The Presidential Experience

I can’t believe that this is my last Simcha Tree article! Of all the many tasks the presidency required of me, coming up with something fresh and interesting every month has possibly been the most demanding. I remember chafing at a college requirement that I take one writing class. As an undergraduate engineering student, I could not imagine when I would ever be called upon to write on a regular basis. Little did I know!

 

I am still no Hemingway, but I do believe that my writing has improved at least a little over the past five years. Looking back, I realized that this position has helped me grow in other ways as well. I have developed greater confidence in my public speaking and eventually moved from trying to remember all the correct information to trying to entertain you a bit as well. I was not a stellar Hebrew school student as a kid, but my teachers would be proud of my increased familiarity with services and my upgraded synagogue skills.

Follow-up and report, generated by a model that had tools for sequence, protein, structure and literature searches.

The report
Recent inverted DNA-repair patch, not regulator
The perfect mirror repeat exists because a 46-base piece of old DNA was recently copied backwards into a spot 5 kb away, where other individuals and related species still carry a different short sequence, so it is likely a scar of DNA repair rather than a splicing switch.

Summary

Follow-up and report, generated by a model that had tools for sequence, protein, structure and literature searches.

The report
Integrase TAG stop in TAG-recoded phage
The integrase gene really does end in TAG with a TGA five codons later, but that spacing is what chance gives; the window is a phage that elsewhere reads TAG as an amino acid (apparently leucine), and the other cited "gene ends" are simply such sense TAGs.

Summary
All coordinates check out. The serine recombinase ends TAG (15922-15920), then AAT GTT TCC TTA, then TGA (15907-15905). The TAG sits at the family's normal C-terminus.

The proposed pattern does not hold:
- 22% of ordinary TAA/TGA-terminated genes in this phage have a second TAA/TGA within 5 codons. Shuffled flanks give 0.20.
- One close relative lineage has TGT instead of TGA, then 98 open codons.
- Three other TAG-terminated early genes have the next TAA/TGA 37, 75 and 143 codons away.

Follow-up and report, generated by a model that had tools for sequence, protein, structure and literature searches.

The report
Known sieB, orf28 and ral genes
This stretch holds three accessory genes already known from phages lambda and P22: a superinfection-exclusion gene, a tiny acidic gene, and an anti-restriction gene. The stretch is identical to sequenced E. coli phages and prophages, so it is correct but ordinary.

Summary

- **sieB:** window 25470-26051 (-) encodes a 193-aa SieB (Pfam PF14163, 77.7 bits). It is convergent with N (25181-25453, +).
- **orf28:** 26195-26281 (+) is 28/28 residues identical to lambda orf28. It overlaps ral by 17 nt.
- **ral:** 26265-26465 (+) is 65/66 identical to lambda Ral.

The most fundamental aspect of the presidential experience, however, is working closely with so many different people. I needed to develop my listening skills, striving to ascertain members’ varying priorities, needs and objectives so as to satisfy them or come up with compromises that everyone can live with, all within a context of safeguarding the sustainability of our congregation. I was also privileged to interact with many individuals throughout the Jewish and East End communities in their roles as leaders of other synagogues, institutions and organizations with whom TOL*OLS shared common interests at one time or another. I have been so impressed and humbled by the many outstanding volunteers who pour their hearts and souls into their work, making the Jewish community as vital and productive as it is. I am so grateful for having met these remarkable individuals, among whom I have been fortunate enough to find mentors, partners, supporters and friends. Yes, the role of synagogue president is demanding, at times thankless and even frustrating, but in the end, all that we have accomplished and everything I have learned and gained more than offsets the blood, sweat and tears I contributed to the cause. I will no longer be the president of TOL*OLS, but the friendships I have made, within the synagogue and the larger community, are everlasting. 

 

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